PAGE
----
Baptism: Church Law regarding Baptism in the Catholic Church

Church Law regarding Baptism in the Catholic Church:

1. Infant Baptism: According to the laws of the universal Church, a minor child under the age of seven is considered an infant (Canon 97.1) as well as those who habitually lack the use of reason. (Canon 99).

2. For an infant to be licitly baptized, it is necessary that:
a. at least one of the parents consents to it (or the person that lawfully takes the parents place) and;
b. there is a well-founded hope that the child will be brought up in the Catholic Church. for example: formation and continued education in the faith, and participation in the spiritual life of the church community, … (Canons 868-869)

[In the case of adoption baptism is to be postponed until after the adoption is complete and adoption papers/proofs can be procured.]

3. There should be one (1) Godparent for the person to be baptized who is not the father or mother of the one to be baptized. (Canons 873, 874.1)

4. IF there are to be two Godparents, they must be of the opposite sex (male and female). (Canon 873)

5. Qualifications of acceptable Godparent (who sponsors the child into the Catholic Church):
a. that he/she be designated by the parents of the person to be baptized; if this designation is lacking, the Pastor or Minister of the Sacrament may designate.
b. that he/she has an intention to carry out the duty;
c. that he/she be at least 16 years of age;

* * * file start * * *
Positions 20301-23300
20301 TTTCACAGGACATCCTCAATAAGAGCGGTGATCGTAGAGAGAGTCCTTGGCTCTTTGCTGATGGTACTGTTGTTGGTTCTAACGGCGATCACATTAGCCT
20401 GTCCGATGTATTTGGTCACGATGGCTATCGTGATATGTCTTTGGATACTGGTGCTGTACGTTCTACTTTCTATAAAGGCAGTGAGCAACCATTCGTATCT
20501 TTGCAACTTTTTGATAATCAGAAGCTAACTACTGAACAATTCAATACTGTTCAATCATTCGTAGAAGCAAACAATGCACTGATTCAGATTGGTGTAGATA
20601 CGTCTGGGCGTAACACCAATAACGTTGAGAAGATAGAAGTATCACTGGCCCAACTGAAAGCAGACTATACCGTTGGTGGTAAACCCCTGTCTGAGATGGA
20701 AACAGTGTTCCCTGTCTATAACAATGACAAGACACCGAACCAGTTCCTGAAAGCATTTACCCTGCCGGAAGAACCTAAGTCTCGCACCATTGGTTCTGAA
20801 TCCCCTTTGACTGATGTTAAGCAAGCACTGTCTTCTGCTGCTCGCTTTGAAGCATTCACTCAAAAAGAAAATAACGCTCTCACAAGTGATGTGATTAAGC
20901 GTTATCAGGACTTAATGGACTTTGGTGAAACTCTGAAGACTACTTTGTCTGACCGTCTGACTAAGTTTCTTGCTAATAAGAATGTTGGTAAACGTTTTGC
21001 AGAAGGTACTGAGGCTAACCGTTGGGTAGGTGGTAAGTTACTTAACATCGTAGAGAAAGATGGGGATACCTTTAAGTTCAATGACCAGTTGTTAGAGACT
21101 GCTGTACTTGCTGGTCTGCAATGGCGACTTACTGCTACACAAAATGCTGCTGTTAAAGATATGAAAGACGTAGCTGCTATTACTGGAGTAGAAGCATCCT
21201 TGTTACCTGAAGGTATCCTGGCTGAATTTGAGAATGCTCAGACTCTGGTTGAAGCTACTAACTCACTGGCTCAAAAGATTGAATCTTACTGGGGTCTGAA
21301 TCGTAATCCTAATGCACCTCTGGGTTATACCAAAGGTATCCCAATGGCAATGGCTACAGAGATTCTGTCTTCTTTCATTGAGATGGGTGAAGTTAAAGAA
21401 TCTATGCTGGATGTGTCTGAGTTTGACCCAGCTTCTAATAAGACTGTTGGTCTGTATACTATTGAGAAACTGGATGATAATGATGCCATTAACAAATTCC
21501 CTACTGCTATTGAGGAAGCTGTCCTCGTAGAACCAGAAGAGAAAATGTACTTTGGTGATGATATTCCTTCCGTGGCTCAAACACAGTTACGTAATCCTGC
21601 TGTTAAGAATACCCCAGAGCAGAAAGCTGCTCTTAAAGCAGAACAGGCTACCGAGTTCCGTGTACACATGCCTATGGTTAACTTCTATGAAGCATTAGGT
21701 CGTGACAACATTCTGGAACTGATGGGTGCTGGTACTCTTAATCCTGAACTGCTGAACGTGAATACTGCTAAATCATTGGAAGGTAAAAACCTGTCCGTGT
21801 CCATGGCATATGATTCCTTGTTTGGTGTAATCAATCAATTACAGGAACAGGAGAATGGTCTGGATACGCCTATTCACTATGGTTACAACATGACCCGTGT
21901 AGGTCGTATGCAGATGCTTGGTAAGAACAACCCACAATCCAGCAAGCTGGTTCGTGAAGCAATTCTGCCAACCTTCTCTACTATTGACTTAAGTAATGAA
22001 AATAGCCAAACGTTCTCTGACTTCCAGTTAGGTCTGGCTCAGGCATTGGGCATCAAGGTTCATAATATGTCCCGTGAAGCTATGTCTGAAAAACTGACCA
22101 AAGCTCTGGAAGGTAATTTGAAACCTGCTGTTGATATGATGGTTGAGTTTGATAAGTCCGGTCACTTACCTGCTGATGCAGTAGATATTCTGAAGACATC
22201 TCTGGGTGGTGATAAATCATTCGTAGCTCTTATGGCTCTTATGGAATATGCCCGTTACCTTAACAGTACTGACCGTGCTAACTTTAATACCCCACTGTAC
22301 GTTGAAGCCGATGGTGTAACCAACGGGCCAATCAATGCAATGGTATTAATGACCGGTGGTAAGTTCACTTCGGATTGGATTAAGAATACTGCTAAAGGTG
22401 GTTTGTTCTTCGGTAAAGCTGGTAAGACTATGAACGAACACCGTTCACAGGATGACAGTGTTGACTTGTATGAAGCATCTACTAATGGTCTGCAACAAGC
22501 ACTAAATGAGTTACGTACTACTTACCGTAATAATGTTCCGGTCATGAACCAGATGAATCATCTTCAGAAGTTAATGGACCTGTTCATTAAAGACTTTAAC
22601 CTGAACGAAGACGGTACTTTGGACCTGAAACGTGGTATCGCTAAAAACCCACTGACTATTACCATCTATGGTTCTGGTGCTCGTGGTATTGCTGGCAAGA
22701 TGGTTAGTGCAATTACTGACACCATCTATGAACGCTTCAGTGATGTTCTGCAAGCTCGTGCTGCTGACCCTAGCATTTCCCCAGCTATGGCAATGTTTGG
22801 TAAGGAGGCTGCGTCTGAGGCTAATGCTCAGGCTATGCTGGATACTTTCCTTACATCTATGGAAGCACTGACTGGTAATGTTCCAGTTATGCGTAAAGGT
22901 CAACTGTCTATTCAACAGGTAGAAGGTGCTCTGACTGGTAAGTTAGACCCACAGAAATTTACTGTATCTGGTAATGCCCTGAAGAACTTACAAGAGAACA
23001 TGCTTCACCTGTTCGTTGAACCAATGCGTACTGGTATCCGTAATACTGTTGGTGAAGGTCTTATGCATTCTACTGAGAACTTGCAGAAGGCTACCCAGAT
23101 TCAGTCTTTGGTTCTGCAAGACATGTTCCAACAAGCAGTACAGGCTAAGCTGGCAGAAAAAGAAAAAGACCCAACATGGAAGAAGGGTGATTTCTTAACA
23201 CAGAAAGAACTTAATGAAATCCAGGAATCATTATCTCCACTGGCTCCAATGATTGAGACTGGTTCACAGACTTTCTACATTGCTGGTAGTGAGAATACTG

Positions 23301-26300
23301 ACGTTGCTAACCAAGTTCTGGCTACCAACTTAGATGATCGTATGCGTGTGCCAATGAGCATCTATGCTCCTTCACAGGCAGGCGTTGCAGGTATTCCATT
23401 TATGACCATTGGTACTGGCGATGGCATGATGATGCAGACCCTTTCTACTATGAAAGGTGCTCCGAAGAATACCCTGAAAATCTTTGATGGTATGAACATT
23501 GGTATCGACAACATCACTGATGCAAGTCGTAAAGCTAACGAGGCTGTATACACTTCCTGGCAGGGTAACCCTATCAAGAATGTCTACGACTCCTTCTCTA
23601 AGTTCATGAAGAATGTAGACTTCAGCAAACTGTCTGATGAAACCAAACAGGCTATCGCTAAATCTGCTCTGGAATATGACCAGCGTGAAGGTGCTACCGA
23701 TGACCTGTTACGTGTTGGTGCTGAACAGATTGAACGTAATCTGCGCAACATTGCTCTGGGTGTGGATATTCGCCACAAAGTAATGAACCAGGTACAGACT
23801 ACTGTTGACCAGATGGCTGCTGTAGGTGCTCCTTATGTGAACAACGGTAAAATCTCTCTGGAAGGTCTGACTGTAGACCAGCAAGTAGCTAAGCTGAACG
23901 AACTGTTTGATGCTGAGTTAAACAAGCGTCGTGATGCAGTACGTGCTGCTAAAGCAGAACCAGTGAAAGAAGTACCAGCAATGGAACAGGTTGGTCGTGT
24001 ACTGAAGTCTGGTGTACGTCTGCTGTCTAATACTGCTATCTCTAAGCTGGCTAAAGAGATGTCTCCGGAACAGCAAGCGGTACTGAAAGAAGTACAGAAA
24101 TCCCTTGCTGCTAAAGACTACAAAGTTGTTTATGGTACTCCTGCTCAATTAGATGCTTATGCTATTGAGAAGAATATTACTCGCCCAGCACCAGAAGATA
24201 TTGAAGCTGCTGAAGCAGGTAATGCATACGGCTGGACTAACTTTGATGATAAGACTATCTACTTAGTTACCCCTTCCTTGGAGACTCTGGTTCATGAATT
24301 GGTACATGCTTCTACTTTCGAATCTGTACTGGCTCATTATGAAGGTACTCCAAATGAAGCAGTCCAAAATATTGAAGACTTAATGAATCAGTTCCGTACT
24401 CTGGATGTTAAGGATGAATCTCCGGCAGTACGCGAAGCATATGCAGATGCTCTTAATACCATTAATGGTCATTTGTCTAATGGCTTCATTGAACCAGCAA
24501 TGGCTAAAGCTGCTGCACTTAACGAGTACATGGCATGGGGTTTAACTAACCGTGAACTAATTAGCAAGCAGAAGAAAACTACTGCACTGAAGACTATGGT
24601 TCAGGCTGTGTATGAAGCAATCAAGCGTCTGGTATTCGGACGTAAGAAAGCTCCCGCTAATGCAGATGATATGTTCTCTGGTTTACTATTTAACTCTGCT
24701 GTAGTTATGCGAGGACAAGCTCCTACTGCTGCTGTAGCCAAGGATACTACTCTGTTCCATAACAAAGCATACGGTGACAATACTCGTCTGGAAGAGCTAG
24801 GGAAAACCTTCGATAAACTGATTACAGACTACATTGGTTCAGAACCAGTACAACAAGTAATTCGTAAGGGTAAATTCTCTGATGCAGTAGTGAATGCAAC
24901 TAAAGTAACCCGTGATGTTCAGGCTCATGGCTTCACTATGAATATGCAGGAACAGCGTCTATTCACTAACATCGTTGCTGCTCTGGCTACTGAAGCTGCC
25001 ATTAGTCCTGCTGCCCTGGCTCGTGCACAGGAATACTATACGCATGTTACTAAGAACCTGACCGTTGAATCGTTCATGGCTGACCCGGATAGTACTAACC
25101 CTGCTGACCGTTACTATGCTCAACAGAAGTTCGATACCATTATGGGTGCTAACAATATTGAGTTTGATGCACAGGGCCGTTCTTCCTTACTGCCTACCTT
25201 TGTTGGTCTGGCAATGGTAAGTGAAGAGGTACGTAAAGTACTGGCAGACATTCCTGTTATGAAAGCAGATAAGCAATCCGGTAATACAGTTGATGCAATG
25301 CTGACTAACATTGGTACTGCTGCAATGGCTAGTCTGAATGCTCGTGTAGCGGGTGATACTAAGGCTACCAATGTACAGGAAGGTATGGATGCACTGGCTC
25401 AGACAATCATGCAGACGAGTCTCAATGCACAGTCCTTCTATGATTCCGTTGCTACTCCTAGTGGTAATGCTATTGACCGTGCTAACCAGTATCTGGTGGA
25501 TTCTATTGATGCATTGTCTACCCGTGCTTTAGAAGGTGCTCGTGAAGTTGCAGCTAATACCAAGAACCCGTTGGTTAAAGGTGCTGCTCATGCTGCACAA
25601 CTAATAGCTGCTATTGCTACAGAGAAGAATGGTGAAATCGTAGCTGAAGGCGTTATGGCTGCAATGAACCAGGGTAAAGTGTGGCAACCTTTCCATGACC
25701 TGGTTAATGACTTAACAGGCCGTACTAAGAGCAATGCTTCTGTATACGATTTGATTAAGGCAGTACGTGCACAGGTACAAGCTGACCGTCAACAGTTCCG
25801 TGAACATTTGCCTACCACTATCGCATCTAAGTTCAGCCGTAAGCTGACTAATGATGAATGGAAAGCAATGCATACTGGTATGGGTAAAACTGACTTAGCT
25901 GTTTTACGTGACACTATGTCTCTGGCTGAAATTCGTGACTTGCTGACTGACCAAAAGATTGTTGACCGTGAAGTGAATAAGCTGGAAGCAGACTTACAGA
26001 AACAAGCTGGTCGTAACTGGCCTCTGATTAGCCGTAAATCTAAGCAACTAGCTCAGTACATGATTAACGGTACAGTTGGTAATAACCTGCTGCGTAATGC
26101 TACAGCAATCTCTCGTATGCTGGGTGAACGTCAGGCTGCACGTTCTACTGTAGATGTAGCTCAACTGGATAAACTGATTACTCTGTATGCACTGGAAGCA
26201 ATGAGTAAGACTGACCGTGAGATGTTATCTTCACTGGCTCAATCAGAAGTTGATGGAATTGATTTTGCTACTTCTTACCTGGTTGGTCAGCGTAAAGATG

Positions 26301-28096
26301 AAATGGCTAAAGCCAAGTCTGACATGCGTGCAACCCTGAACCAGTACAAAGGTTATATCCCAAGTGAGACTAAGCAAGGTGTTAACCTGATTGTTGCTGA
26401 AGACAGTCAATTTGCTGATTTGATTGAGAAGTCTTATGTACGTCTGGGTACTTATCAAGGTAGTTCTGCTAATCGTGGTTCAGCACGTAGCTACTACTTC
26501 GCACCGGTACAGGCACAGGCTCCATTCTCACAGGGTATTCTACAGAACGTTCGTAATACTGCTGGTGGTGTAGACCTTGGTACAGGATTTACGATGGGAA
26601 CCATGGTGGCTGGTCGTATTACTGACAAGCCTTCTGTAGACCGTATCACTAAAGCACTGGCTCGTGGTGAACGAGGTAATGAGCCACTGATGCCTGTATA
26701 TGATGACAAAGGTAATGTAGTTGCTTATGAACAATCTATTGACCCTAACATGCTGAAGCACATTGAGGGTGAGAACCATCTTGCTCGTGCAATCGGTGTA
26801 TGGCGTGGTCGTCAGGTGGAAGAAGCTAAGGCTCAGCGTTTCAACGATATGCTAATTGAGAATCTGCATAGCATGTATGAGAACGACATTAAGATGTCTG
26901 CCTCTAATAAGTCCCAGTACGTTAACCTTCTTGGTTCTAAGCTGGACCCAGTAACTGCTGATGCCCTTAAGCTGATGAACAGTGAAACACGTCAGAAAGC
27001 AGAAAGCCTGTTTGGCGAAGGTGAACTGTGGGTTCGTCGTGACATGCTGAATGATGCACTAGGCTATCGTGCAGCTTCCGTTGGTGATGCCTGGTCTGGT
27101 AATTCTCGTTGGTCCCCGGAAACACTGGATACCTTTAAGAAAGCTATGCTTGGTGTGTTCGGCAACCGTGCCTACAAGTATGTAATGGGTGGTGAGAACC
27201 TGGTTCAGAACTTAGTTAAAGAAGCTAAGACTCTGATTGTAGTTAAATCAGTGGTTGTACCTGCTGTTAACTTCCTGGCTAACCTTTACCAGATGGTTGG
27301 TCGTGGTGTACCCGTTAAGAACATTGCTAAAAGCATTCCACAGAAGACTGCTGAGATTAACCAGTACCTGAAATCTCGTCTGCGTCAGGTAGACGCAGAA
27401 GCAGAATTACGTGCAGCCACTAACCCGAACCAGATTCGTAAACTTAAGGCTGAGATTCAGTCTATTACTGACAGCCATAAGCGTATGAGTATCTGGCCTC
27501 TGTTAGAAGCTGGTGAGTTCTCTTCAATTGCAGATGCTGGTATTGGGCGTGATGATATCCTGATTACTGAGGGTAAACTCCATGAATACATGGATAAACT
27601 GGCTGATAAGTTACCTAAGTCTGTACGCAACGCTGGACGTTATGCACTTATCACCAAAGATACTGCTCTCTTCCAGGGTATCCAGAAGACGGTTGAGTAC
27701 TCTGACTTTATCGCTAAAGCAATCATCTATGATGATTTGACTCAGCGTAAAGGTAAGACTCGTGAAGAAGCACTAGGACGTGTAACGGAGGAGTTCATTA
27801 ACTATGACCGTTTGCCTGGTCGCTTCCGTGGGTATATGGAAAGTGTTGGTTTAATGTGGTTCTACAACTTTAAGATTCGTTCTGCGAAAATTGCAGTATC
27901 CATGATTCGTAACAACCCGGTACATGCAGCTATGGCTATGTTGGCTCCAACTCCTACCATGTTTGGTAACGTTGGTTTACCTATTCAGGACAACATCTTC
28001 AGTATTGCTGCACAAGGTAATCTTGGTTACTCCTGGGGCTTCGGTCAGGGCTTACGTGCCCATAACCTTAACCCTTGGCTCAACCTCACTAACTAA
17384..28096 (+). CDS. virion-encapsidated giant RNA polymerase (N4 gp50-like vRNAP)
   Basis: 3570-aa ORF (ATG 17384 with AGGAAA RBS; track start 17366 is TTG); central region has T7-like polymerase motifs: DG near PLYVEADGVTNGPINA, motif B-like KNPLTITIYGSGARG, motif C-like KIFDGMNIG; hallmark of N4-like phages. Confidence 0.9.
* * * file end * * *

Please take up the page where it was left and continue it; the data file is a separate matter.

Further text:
d. that he/she be a Roman Catholic of the Latin Rite (Eastern Rite Catholics are allowed);
e. that he/she has received the Sacrament of Confirmation;
f. that he/she has received the Sacrament of Holy Communion;
g. that he/she be a practicing Catholic leading a life of faith in harmony with the Church;
h. that, if married, he/she was married in the Church;
i. that he/she not be under a lawfully imposed or declared canonical penalty.

6. If there is only one Godparent (who must be Catholic) a “Christian Witness” (Non-Catholic) may also be chosen for the one to be baptized in accordance with the following:
a. A baptized person belonging to a non-Catholic ecclesial community ‘may be’ admitted as a “witness” to baptism (the formal title is Christian Witness, not “Godparent.)” (Canon 874.2)
b. This privilege applies only to a Non-Catholic belonging to an ecclesial community i.e. Mainline Protestant Church, Greek Orthodox, and other Churches with valid baptisms. A Catholic cannot be a Witness. A non-Christian cannot be a Witness.

7. If the Godparents are unable to attend the baptism, you may ask any Christian that you choose to stand in as “PROXY” for the Godparents. The names of the Godparents, not the proxy, will appear on the Baptism Certificate.

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